Semaglutide also lowers blood sugar levels by preventing the release of glucagon, another hormone that elevates blood sugar. It inhibits the liver’s production of glucagon, which reduces blood sugar by forcing your body to use its stored glucose for energy. Combined, this helps maintain stable blood sugar levels and reduces the hunger pangs that often occur when blood sugar drops too low.

In a study of diabetic patients, semaglutide reduced A1C by 7.6 points on average. It also lowered weight, waist circumference, and systolic blood pressure. Researchers noted that a combination of semaglutide and a healthy diet and exercise routine was more effective than other diabetes medications at reducing these risk factors.

Unlike many other diabetes medications, semaglutide does not cause hypoglycemia (low blood sugar). It is considered safe for pregnant women. However, it has not been adequately studied in pregnant women and should be used only when the potential benefits outweigh the risks of uncontrolled diabetes, which include preeclampsia, spontaneous abortion, or preterm delivery.

A recent study sponsored by the drug’s manufacturer found that semaglutide significantly lowered cardiovascular disease risk in people with obesity and heart failure. It decreased symptoms like fatigue and shortness of breath and improved overall physical function. Semaglutide can be prescribed “off-label” to treat other conditions, if the doctor feels it will benefit the patient.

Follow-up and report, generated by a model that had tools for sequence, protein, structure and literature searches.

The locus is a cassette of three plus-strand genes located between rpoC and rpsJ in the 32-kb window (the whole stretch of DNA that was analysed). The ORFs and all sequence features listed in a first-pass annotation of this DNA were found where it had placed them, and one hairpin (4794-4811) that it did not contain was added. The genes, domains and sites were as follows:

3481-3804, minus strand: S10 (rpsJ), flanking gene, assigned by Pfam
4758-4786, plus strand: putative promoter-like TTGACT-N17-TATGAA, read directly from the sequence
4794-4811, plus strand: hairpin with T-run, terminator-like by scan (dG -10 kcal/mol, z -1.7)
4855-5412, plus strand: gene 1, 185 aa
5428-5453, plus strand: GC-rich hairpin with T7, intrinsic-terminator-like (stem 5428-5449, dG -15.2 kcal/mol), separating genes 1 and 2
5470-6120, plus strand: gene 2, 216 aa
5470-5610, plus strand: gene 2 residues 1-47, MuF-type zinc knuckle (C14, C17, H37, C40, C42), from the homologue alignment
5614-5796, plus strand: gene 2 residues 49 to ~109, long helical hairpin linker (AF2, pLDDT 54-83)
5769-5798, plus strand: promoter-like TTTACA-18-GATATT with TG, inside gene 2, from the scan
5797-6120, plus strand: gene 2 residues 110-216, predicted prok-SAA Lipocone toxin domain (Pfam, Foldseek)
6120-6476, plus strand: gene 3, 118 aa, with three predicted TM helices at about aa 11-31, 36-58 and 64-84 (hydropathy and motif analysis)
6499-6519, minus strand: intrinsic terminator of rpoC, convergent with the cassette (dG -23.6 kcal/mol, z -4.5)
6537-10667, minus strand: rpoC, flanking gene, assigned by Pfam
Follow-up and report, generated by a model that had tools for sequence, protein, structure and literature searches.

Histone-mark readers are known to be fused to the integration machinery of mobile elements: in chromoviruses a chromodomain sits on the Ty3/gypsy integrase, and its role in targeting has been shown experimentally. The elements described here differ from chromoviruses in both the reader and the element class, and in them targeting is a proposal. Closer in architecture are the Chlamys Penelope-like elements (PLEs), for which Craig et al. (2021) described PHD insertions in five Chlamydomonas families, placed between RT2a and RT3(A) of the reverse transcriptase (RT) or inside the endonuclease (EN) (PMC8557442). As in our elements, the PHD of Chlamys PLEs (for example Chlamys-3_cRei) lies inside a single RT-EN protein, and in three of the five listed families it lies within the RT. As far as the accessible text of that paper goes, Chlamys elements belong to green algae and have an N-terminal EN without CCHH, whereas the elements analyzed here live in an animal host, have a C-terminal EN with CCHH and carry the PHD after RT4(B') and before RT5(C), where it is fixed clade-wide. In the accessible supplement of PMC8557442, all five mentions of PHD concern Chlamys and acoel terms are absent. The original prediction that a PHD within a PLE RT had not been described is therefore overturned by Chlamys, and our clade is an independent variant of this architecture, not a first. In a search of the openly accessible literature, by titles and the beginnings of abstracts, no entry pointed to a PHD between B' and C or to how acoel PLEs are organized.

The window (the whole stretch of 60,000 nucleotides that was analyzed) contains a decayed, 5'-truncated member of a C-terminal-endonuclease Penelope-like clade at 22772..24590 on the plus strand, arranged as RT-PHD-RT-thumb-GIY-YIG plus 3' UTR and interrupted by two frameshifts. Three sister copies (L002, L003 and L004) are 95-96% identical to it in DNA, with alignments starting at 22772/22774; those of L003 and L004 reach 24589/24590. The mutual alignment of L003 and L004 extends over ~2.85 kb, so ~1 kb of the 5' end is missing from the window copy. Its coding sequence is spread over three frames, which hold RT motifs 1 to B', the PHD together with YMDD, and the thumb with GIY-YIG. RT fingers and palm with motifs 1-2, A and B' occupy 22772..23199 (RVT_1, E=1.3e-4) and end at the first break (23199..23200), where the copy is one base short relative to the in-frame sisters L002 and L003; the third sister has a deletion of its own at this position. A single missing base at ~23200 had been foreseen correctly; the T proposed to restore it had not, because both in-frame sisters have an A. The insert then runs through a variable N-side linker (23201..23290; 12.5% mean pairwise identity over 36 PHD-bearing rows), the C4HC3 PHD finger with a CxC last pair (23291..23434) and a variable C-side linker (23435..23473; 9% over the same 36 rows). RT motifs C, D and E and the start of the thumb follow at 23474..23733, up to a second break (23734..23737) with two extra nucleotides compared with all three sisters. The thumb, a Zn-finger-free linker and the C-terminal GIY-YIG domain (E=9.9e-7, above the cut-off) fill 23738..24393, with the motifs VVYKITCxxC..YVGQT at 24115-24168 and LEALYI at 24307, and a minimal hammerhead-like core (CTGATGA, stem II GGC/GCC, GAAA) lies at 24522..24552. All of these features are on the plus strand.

Taking semaglutide may interact with several medicines including ACE inhibitors, diuretics, and some anti-seizure medications. It is not recommended for pregnant women, breastfeeding mothers, or anyone who has a serious kidney or liver problem. It has also been reported to be habit forming.

Cardiovascular Health

In addition to helping people lose weight, semaglutide appears to reduce heart disease risk factors. In the SELECT trial, which was sponsored by Novo Nordisk, which makes semaglutide, researchers found that people who took it had lower cholesterol levels and less systolic blood pressure (the top number of your heart rate) than those who did not take the medication. Semaglutide also significantly reduced blood sugar and blood fats.